Abarim Publications' online Biblical Hebrew Dictionary
The two words ידה (yada) and הוד (hod) are formally completely separate, but their forms are so similar that when either of them appear in names, in conjunction with other elements, we can often not be entirely sure which one of the two we're looking at.
The middle ו (waw) in the word הוד (hod), and the final ה (he) of the word ידה (yada) are allowed to drop out in several grammatical constructions, and the letter י (yod) appears frequently in front of a root to create a form that means "he will . . . " or "let him . . . ".
In regular texts the origin of a word can usually be understood from contexts but since names often lack a clear context we usually can go both ways. Names that contain either of these words must be understood to possess two complete meanings.
If our two words are indeed separate (which scholars assume), the word הוד (hod) is a single child of the identical (and also assumed) root הוד (hwd). And to make the mystery even greater, HAW Theological Wordbook of the Old Testament reports that "so far no related root in other Semitic languages has been found for hod. It is uniquely a Hebrew word".
That's obviously a rarity, and raises the suspicion that our two words aren't separate at all. BDB Theological Dictionary, on the other hand, reports of some Arabic verbs that are similar to our word, one of which means crash, roar, resonance, while the other, oddly enough, means to be gentle, quiet, especially in speech.
The noun הוד (hod), generally meaning splendor, majesty, vigor, glory or honor, occurs frequently in the Bible, from the authority or majesty of the king (Jeremiah 22:18) or a prophet such as Moses (Numbers 27:20), to the divine splendor of God (Psalm 104:1), and the splendor of Israel due to the blessings of God (Hosea 14:7 - his beauty will be like the olive tree).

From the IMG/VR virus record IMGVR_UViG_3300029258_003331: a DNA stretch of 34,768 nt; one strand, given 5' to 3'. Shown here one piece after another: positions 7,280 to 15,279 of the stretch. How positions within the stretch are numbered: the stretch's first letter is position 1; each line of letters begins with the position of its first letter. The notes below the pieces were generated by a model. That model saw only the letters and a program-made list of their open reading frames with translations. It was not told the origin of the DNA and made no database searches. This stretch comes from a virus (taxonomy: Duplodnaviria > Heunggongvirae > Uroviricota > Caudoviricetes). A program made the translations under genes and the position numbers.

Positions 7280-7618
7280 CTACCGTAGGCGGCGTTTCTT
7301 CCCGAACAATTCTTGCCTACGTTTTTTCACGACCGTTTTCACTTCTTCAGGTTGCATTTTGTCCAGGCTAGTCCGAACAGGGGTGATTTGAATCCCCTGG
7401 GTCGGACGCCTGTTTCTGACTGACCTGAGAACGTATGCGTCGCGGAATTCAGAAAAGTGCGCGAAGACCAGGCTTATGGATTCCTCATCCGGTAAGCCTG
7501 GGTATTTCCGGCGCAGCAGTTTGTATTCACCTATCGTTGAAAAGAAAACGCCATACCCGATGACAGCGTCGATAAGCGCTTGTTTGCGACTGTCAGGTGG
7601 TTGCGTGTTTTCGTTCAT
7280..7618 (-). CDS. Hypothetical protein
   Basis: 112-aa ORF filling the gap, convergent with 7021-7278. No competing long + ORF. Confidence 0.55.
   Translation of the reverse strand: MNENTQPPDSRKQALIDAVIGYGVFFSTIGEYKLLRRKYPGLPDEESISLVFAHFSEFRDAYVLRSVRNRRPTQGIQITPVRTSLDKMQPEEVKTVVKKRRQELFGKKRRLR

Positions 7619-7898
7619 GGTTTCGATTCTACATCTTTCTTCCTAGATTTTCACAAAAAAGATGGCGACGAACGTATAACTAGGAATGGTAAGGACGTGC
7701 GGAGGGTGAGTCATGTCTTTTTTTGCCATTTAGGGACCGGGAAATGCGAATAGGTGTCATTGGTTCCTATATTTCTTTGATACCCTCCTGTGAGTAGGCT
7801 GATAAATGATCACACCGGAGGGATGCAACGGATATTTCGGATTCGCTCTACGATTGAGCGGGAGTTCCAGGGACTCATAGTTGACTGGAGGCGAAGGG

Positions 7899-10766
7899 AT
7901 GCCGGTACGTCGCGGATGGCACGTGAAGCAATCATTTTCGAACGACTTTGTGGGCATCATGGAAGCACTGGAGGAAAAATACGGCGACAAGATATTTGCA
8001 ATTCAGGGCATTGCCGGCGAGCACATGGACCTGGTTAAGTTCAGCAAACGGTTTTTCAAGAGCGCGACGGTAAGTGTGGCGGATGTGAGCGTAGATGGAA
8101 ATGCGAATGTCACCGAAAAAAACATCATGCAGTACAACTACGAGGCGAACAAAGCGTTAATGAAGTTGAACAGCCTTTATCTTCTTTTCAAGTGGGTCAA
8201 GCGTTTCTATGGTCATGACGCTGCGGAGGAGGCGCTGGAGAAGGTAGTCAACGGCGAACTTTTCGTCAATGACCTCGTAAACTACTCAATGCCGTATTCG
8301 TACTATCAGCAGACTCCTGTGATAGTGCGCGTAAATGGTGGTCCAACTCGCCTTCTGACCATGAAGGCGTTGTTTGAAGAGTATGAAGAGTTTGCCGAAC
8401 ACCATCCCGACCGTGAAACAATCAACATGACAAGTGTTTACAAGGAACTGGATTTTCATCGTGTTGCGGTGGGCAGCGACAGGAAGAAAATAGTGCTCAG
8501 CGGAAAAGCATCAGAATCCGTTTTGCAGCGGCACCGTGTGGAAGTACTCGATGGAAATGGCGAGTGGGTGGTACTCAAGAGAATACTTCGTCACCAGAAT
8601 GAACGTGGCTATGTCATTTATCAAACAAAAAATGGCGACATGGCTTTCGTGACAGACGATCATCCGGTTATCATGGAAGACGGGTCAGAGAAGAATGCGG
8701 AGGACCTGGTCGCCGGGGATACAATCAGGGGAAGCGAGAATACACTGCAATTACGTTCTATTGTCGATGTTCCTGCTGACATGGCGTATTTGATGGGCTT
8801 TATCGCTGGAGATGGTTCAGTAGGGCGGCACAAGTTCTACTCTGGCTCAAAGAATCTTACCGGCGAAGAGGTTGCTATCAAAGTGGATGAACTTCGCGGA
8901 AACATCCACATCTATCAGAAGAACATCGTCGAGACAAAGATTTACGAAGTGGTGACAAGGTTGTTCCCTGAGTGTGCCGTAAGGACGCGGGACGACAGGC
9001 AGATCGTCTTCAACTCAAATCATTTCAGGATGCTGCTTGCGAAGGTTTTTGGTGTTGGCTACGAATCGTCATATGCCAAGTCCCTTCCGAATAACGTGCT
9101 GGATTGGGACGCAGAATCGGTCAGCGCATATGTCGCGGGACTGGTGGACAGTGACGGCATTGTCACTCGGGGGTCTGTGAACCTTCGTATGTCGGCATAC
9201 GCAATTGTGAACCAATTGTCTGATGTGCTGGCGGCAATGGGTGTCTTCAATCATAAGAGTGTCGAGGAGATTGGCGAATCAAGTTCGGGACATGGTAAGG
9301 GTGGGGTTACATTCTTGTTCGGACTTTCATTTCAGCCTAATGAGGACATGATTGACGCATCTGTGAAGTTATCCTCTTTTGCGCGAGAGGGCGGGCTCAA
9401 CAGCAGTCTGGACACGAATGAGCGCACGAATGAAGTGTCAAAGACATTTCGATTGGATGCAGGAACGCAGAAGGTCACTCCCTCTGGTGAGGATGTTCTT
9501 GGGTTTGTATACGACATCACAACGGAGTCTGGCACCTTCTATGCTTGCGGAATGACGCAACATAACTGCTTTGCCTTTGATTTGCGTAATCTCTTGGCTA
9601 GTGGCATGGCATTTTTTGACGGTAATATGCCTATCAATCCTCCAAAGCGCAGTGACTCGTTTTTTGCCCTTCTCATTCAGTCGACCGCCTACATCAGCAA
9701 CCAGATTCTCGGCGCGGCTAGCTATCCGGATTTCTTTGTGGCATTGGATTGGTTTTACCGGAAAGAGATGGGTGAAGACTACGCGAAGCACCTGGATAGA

The root-verb ידה (yada) means to confess, praise, give thanks. HAW Theological Wordbook of the Old Testament reports that 'the primary meaning of this root is "to acknowledge or confess sin, God's character and works, or man's character".'
Originally this verb probably meant to cast or throw (and - intuitively - seems to have to do with the noun יד (yad) meaning hand). Yet another by-form of this verb is ידד (yadad), meaning to cast, which is identical to the verb ידד (yadad), meaning to love; see the name David).
Remnants of this meaning of to cast can be found in Lamentations 3:53 and Zechariah 2:4. Then it moved to mean a private or national confession of sin (for instance in Leviticus 16:21, Aaron will praise over the scapegoat), which is the very thing the Law was designed to provoke (Romans 3:20).
Then it evolved to denote gratitude, and only finally it came to indicate what we know as praise. As the theologian Westermann noted, this verb is often translated with to thank, but the Hebrew language has no verb specifically reserved for expression of gratitude.
This verb yields two derivations:
- The feminine plural noun הידות (huyyedot), meaning songs of praise (Nehemiah 12:8 only).
- The feminine noun תודה (toda), meaning confession or praise (Joshua 7:19, Psalm 26:7).
The name יהודה (yehuda; Judah) also comes from this verb, and thus so do:
- The masculine ethnonym יהודי (yehudi), meaning Judaic, Jewish or Jew.
- The feminine ethnonym יהודית (yehudit, hence the name Judith), also meaning Jewish, but only used in the construction "Jewish language" (2 Kings 18:26, Nehemiah 13:24).
- The verb יהד (yehud), meaning to become a Jew (Esther 8:17).